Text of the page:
Nevertheless, Mr Blair is undoubtedly generous to his most senior staff, many of whom loyally followed him from Downing Street to The Office of Tony Blair, as he calls his umbrella organisation.
They include Ruth Turner, 39, Mr Blair’s former head of government relations, who was arrested during the “cash for honours” investigation (though not charged with any offence). She is chief executive of the Tony Blair Faith Foundation, a charity that promotes better understanding between religions, and is richly rewarded.
Its accounts show that its two highest-paid staff, one of whom is Miss Turner, earn between £110,000 and £120,000 per year, which comes from charitable income. That is more than the chief executive of Oxfam, which employs 5,000 people.
Miss Turner’s impressive pay packet is likely to be matched by others working in Mr Blair’s headquarters in Grosvenor Square, Mayfair. Top earners are thought to include Matthew Doyle, Mr Blair’s political director, who was his deputy director of communications at No 10; Kate Gross, the chief executive of Mr Blair’s Africa Governance Initiative, who was one of his private secretaries; and Jeanette Pickard, who was manager of Mr Blair’s constituency office in Sedgefield before being elevated to chief executive of the Tony Blair Sports Foundation.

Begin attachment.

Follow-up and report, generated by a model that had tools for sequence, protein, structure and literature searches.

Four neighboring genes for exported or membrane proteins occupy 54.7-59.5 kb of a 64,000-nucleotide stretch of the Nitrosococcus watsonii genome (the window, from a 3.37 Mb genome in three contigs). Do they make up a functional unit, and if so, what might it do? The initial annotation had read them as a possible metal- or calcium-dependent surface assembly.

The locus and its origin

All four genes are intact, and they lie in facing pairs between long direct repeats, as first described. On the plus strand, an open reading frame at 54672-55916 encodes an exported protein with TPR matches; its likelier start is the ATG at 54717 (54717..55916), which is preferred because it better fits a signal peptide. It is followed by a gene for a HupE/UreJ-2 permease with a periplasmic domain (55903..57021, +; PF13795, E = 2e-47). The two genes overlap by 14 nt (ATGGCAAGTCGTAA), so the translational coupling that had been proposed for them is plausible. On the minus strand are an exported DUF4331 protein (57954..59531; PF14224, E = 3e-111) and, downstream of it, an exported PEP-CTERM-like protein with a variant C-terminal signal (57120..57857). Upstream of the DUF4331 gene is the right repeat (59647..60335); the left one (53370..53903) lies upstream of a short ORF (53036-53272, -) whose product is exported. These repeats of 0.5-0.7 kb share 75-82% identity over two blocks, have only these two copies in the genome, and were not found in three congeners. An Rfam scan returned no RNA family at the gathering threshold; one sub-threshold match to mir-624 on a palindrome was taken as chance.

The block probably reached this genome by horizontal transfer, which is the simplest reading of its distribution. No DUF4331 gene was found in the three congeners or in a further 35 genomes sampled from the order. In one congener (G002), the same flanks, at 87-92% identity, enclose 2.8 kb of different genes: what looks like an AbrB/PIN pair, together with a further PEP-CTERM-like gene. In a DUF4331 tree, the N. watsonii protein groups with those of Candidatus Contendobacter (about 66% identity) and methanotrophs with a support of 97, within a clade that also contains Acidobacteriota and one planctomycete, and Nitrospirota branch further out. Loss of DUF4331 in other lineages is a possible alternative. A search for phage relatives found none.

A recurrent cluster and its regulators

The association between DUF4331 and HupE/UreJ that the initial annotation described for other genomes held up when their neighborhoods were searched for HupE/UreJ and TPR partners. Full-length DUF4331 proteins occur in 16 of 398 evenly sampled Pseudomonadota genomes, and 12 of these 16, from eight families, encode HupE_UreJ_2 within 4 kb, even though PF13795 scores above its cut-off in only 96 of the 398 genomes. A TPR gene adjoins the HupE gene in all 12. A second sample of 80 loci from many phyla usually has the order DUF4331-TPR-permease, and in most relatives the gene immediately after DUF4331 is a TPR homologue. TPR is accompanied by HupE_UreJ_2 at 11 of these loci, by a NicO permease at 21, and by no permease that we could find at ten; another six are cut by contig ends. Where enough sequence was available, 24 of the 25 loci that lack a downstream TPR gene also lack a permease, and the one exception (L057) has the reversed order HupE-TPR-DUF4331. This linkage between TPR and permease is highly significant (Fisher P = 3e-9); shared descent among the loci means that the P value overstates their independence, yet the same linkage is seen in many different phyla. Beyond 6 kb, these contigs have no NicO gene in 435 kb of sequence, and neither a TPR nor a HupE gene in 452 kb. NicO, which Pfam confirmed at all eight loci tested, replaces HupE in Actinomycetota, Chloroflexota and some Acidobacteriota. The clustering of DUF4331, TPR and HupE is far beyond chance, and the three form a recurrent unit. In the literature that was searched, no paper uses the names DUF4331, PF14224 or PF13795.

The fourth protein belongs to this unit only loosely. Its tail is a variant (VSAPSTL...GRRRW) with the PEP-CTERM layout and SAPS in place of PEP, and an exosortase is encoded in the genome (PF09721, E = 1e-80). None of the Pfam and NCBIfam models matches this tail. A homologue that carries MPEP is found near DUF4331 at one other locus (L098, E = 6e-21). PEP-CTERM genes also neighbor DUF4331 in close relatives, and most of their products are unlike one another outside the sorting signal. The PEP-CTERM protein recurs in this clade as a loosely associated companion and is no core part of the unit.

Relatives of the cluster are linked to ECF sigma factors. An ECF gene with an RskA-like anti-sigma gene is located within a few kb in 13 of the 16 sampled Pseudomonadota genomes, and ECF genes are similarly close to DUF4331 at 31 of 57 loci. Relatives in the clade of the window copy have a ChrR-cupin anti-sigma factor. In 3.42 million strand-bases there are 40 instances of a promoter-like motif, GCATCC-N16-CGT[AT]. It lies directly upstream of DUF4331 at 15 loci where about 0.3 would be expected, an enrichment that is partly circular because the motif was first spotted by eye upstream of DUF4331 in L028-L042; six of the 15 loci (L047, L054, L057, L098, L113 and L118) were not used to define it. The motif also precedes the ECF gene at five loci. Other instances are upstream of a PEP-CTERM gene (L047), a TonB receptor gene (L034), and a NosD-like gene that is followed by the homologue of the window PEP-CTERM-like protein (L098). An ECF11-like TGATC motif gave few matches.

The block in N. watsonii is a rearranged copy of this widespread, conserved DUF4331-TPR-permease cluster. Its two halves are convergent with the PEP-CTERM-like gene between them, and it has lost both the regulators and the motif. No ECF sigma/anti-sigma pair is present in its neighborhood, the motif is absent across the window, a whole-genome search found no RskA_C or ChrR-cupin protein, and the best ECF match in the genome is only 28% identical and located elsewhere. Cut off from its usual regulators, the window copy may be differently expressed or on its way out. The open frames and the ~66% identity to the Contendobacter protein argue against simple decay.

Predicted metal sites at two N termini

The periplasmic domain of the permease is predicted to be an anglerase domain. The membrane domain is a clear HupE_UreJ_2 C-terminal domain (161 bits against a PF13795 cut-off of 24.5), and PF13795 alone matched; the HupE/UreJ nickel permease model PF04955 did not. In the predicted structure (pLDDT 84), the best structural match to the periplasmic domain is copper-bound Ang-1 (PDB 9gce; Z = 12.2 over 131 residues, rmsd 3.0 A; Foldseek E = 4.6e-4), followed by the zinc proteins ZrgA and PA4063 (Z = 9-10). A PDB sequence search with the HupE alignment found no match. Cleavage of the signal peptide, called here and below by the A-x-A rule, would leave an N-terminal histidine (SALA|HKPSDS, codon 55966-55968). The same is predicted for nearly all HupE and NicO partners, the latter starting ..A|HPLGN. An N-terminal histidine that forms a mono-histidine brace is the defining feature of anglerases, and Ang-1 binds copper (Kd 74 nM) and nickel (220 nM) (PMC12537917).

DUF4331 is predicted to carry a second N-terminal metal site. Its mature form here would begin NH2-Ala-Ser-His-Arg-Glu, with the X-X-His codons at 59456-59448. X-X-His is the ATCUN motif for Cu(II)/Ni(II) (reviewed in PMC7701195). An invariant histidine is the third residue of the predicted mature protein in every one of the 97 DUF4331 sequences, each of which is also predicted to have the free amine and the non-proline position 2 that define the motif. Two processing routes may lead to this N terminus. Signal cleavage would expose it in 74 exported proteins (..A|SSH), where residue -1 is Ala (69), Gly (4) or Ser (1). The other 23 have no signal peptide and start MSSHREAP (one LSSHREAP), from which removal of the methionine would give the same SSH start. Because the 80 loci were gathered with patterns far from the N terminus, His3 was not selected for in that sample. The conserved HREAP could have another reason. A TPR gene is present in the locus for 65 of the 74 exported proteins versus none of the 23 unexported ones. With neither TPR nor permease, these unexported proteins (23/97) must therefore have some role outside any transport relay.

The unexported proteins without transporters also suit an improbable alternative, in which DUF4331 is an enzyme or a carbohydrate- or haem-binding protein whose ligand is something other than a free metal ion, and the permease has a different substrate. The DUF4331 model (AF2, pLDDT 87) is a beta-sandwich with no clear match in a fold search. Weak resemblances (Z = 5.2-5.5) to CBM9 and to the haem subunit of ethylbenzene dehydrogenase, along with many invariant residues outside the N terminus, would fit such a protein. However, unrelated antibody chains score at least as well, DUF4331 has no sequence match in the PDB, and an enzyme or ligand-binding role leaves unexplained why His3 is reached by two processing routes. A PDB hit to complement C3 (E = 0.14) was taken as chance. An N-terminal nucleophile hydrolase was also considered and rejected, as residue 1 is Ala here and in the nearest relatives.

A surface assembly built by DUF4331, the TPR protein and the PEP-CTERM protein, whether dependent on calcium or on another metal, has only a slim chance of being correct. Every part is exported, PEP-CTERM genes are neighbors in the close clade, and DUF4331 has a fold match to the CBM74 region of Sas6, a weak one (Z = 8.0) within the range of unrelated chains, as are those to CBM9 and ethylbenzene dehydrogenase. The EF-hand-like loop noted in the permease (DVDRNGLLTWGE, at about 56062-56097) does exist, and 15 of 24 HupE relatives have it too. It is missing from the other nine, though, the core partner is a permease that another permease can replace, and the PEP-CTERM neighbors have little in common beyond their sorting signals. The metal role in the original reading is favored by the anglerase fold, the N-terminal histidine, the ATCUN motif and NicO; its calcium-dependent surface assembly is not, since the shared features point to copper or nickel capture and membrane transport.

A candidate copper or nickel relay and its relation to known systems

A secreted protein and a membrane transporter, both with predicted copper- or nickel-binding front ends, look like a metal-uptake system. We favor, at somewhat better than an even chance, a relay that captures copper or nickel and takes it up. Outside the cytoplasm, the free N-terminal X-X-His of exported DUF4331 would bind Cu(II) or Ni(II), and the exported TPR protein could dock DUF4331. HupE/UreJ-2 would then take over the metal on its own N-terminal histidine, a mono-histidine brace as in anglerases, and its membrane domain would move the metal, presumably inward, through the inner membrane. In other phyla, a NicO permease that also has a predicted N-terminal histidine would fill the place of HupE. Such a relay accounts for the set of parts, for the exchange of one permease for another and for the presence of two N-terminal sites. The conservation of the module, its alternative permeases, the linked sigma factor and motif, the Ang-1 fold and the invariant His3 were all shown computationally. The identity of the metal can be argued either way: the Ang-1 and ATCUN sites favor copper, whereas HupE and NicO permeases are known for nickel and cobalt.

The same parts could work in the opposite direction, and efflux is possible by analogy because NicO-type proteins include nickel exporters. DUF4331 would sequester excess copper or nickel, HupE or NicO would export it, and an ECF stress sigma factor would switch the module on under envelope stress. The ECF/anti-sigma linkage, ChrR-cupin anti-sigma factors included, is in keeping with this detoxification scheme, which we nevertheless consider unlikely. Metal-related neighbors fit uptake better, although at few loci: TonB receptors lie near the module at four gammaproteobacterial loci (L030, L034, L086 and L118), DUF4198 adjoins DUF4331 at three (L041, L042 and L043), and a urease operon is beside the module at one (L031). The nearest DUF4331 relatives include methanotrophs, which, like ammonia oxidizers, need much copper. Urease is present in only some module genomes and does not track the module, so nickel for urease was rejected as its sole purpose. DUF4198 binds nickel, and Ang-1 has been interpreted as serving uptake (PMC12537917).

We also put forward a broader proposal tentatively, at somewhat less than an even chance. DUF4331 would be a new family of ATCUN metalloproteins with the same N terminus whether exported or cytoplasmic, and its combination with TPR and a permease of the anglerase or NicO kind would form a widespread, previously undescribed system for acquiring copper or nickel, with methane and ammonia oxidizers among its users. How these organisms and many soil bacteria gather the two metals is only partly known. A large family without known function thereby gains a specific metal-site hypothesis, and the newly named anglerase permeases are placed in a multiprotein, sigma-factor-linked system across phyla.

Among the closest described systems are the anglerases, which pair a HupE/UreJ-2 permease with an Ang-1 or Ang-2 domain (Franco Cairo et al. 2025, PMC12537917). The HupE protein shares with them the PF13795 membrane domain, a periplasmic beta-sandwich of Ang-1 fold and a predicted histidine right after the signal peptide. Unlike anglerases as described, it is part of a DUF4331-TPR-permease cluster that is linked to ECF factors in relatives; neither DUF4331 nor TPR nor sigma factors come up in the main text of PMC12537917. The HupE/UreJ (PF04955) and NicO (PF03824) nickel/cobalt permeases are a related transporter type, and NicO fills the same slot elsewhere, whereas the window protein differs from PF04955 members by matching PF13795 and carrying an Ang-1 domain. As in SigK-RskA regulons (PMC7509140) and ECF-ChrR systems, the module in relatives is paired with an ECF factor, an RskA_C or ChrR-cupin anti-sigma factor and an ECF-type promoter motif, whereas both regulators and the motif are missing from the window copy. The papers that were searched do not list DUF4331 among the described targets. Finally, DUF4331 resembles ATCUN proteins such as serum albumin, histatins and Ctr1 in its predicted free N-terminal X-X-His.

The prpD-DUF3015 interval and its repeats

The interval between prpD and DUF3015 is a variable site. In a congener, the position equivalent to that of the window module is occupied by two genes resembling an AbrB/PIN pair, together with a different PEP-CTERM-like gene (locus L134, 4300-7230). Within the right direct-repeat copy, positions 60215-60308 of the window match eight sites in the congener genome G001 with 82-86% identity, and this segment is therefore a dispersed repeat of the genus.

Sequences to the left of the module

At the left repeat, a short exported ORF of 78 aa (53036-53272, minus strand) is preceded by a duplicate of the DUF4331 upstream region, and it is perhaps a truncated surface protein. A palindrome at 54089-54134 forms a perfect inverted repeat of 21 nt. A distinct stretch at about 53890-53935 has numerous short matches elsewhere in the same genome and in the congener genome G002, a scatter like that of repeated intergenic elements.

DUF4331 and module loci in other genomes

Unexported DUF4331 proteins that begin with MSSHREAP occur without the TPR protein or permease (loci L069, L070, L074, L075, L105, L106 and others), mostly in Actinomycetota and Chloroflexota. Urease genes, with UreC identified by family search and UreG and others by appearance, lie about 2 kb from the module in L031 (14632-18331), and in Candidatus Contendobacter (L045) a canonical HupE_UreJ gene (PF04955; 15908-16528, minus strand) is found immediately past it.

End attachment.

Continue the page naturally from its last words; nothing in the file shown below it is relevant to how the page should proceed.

However much he pays his staff, it seems there is plenty left over for life’s little comforts. One recent guest at South Pavilion in Wotton Underwood, Bucks, which is Tony and Cherie Blair’s £5.75 million country house, said the couple “live like royalty”, with up to 20 staff tending to their needs.
“They are living far more lavishly then when Tony was prime minister,” said the source. “Their country home is incredible. They seem to have a lot of staff and the furnishings are breathtaking. A lot of the people he socialises with are billionaires, and his lifestyle involves moving between five-star hotels and mansions around the world, always in private jets and helicopters.”
In one recent spree, Mrs Blair spent more than £250,000 on Georgian and Regency furniture for the 18th-century house, which was previously the home of Sir John Gielgud. The Blairs were also able to pay cash for a £1.13 million mews house in London for their second son, Nicky, who is a teacher.
Exactly where the money comes from is something Mr Blair would rather we did not know. He was so sensitive about a deal with UI Energy Corporation, a South Korean oil firm, that he kept it secret for almost two years, persuading a parliamentary committee that vetted the work of former ministers that it was “commercially sensitive”.
What was perhaps even more sensitive for Mr Blair was that UI had extensive interests in Iraq, which opened up to foreign companies once British forces helped topple Saddam Hussein.
Mr Blair also earned a £4.6 million advance for his memoirs, The Journey, out later this year; an estimated £1 million from the Kuwaiti royal family for producing a report on the future of the oil-rich state; and £2.5 million for consultancies with JP Morgan and Zurich Financial Services.